According to the South China Morning Post report, Finance Gateway Information Service was registered in Beijing last month with €10 million (US$12 million) as incorporation capital. SWIFT is the largest shareholder, followed by China National Clearing Centre, a wholly-owned domestic settlement subsidiary of the People’s Bank of China. A joint venture between SWIFT and the department responsible for China’s proposed central bank digital currency is being viewed as a sign that Beijing is exploring the global use of its planned sovereign digital currency and aiding its desire to internationalize the yuan.
China looks to reduce its dependency on the US Dollar.
China has been looking to reduce its reliance on the US dollar by increasing the global use of the yuan amid deteriorating relations with the United States. It remains unclear at this stage as to the scope of the joint venture between SWIFT and both the Digital Currency Research Institute and the China National Clearing Centre within the PBOC, but the development of the digital yuan could help promote its international use and support the nation’s push to rival the US as a global economic power, analysts said.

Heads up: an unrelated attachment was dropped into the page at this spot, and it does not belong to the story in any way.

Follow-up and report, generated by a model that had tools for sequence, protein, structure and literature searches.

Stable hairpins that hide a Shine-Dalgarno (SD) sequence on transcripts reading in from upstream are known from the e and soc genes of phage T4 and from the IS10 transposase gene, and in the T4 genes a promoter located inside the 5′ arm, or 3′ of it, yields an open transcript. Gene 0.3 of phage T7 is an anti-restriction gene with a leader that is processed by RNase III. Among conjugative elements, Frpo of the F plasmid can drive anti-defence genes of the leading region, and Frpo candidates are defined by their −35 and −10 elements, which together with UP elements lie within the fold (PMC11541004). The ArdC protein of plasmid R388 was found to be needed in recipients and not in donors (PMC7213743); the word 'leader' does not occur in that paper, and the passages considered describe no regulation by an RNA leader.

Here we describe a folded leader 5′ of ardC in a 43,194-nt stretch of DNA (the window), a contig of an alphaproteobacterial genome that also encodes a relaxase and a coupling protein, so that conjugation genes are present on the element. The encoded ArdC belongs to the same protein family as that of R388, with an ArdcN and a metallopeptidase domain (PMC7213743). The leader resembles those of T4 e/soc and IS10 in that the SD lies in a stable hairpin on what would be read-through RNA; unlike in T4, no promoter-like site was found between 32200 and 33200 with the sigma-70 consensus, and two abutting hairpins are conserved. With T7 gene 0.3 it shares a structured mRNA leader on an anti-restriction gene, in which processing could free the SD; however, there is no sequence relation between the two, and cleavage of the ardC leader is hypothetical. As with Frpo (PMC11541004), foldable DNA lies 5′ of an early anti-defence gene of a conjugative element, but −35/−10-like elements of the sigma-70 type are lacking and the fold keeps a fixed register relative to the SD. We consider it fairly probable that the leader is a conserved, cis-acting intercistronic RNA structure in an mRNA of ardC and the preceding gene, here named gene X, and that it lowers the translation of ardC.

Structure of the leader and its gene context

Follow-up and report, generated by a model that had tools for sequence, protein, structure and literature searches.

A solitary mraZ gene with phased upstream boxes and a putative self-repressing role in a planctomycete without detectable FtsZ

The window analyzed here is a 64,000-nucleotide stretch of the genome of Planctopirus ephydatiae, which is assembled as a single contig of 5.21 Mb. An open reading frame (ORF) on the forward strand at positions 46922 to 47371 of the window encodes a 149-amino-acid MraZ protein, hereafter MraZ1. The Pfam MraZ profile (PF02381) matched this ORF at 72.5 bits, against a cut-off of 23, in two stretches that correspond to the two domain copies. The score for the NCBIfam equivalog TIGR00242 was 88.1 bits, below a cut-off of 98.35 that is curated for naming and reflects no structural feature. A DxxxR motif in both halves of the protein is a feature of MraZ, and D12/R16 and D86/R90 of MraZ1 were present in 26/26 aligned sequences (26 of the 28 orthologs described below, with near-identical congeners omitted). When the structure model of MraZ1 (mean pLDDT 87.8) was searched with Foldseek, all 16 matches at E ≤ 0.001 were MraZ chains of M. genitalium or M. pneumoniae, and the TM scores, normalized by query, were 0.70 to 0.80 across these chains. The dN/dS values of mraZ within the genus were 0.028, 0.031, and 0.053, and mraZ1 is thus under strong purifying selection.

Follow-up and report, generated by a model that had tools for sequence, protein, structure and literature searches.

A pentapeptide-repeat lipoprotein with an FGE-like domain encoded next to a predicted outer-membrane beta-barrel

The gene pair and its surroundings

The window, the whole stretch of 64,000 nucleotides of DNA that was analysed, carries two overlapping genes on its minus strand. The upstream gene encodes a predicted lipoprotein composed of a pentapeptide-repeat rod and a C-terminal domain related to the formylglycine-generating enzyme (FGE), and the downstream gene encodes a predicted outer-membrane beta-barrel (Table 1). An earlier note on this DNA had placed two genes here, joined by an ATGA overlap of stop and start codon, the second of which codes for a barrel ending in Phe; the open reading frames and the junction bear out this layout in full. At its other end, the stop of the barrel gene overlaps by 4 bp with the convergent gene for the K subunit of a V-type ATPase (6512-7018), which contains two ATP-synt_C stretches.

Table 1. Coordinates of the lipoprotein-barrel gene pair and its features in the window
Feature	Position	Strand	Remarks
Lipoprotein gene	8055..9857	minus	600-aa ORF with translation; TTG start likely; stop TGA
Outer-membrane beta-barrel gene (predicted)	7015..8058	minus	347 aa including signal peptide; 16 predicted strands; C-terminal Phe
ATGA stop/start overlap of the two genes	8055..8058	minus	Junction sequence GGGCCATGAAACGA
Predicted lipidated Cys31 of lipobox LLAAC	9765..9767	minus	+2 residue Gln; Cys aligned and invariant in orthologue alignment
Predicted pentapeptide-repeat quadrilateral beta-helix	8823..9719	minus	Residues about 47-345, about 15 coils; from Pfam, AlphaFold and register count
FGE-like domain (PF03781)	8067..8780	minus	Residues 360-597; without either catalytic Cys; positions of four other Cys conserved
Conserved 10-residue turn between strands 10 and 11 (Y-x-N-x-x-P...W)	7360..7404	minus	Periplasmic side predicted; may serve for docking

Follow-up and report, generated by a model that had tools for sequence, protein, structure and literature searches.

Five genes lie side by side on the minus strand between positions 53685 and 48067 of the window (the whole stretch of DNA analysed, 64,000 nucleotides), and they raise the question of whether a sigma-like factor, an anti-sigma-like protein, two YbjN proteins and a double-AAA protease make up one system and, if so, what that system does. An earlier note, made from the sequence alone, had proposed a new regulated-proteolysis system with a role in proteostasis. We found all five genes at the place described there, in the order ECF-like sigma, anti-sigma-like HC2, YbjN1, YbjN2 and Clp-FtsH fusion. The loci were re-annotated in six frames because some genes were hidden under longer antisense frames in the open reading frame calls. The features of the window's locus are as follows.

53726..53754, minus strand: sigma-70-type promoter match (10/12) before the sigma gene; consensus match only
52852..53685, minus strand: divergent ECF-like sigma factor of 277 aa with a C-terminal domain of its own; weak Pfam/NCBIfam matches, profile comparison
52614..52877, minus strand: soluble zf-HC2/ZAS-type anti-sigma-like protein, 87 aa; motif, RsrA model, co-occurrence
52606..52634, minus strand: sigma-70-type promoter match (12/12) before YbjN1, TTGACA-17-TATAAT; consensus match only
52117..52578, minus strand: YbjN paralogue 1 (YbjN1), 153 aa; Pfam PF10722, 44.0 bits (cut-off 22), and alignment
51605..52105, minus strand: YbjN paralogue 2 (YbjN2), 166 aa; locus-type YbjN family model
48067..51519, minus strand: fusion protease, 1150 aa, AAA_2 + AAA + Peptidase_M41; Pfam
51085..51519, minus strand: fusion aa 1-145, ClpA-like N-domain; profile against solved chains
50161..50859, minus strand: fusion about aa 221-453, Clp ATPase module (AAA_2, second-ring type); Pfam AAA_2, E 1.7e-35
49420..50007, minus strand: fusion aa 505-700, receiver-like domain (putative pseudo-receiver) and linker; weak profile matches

SWIFT has been part of China’s financial markets for more than 30 years.
“We have been part of China’s financial markets for more than 30 years … and, as we do everywhere we operate, we make adjustments as necessary to remain compliant with regulatory requirements,” SWIFT noted in a statement. In the past, the SWIFT system afforded Washington broad powers to impose economic and financial sanctions against countries, leaving them unable to receive payments for exports, pay for goods or own US dollar-denominated assets. Several others from the finance industry have noted that the Chinese digital yuan could threaten the US dollar’s global dominance.